As part of the comprehensive revision, BEA is working on developing methods for calculating chain-weighted estimates of inventory investment that facilitate the evaluation of the impact of inventories on changes in real GDP. As part of its research on alternative measures, BEA is also working on developing capital stock estimates that will be consistent with the new chain-weighted measures of output and prices.

1. For a discussion of this research, see the following SURVEY articles: Allan H. Young, "Alternative Measures of Change in Real Output and Prices, Quarterly Estimates for 1959–92" in March 1993; Allan H. Young, "Alternative Measures of Change in Real Output and Prices" in April 1992; Jack E. Triplett, "Economic Theory and BEA's Alternative Quantity and Price Indexes" in April 1992; and Allan H. Young, "Alternative Measures of Real GNP" in April 1989.

2. For recent periods, modified procedures are used to calculate the alternative measures, because annual weights for the most recent year are not available. For the currently published chain-type measure, the estimates beginning with the third quarter of 1993 are calculated using 1993 weights—that is, they are calculated using a fixed-1993-weight formula. For the currently published benchmark-years measure, the estimates beginning with the third quarter of 1992 are calculated using weights for 1992 and 1993. For additional details, see pages 32–33 of the March 1993 SURVEY.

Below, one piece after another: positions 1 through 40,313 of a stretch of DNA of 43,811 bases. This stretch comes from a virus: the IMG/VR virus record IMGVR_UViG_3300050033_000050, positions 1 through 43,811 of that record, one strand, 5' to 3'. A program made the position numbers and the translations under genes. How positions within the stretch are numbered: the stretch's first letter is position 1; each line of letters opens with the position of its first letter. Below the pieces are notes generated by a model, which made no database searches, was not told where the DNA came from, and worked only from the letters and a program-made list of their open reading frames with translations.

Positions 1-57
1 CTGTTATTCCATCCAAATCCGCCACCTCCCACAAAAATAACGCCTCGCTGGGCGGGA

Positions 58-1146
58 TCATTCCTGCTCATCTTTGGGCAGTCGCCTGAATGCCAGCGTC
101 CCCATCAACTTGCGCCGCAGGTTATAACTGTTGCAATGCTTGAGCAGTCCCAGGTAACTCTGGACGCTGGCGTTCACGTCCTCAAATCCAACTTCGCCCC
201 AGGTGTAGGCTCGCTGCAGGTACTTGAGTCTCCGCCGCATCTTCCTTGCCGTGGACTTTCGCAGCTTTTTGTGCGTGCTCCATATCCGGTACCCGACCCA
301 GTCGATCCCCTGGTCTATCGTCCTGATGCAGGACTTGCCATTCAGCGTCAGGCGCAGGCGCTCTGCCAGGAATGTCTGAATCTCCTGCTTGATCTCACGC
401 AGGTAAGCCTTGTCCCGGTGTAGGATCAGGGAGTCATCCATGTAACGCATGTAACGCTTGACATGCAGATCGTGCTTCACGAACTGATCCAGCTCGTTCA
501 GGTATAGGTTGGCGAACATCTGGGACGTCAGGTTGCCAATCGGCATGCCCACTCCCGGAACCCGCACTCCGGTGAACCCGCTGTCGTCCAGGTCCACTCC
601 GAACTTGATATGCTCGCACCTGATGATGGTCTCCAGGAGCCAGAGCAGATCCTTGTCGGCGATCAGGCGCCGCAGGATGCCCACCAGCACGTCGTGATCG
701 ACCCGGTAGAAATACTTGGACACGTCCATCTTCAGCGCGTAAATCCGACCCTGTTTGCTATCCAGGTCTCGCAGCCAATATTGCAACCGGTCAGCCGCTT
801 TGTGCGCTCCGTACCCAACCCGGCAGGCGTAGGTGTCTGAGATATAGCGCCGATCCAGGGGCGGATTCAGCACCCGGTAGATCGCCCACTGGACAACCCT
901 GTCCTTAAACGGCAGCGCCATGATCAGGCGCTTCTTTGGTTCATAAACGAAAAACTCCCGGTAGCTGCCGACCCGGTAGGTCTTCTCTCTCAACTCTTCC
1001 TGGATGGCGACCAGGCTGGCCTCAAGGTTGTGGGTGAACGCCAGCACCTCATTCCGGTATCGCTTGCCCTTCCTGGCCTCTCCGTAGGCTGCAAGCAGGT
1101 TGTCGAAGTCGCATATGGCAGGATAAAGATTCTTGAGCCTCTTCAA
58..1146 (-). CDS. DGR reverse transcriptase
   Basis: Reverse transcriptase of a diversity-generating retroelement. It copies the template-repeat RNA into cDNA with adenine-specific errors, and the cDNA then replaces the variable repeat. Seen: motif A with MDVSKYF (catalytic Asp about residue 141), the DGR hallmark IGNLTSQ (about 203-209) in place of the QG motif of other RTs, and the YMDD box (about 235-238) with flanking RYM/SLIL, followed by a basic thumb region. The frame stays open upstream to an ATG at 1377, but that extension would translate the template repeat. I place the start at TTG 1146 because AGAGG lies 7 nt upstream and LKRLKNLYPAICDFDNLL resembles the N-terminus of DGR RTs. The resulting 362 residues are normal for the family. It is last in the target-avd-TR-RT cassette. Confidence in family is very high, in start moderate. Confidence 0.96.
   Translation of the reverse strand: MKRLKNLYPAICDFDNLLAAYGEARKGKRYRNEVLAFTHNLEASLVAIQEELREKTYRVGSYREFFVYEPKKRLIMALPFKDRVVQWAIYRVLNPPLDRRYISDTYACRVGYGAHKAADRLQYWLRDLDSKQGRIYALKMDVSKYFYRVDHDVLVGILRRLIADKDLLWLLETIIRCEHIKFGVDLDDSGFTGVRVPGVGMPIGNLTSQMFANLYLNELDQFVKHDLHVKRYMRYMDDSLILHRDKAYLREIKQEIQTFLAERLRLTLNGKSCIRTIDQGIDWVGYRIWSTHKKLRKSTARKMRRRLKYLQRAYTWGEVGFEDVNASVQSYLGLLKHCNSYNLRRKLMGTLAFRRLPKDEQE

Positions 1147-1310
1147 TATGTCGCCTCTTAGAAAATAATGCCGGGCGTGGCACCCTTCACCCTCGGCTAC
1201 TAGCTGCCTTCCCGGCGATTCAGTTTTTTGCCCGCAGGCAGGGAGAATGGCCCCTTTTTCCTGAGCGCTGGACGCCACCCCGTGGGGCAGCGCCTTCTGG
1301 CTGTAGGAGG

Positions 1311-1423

3. For recent periods, the substitution bias in prices is smaller than that in output. For example, the rate of increase in prices—as measured by the fixed-1987-weighted measure of gross domestic purchases prices—is overstated by 0.2 percentage point in the second quarter of 1995, compared with the 0.7-percentage-point overstatement in real GDP. In 1993 and 1994, the rate of increase in prices is also overstated by an average of 0.2 percentage point, compared with 0.6 percentage point for output. The smaller overstatement in prices occurs mainly because for goods with falling relative prices—such as computers—changes in output have been so much greater than changes in prices.

4. Because contractions are shorter than expansions, it should not be assumed that the effects of the introduction of chain-type measures will offset one another.

5. The Bureau of Labor Statistics (BLS) prepares annual measures of multifactor productivity and quarterly measures of labor productivity for major sectors. Since July 1994, the annual BLS measures of multifactor productivity have been prepared using a chain-type annual-weighted output series provided by BEA. In late 1995 or early 1996, the quarterly labor productivity series also will be prepared using new measures of output in the nonfarm business sector based on the chain-weighted real GDP. This change will be discussed in a forthcoming article in the Monthly Labor Review. The effects of using chain-type measures for productivity analysis were also discussed on page 97 of the 1995 Economic Report of the President.

6. For information about the difference in the second quarter of 1995, see the "Business Situation" article in this issue.

7. BEA's economic information is available online through subscription to STAT-USA's Economic Bulletin Board or Internet service. For more information, call (202) 482–1986.

8. The methodology used to estimate the component contributions to the rate of growth of GDP is a close approximation, as indicated by the "residual" line in table 1. The tables of component contributions that BEA will present as part of the comprehensive revision will use exact formulas for attributing growth to the components of GDP or of other aggregates.

9. For the forthcoming comprehensive NIPA revision, 1992 will be used as the base period for preparing constant-dollar series at the most detailed component level, because 1992 is the latest year for which the current-dollar estimates will not be subject to revision until the next comprehensive NIPA revision. These detailed series provide the inputs used for calculating the chain-weighted measures.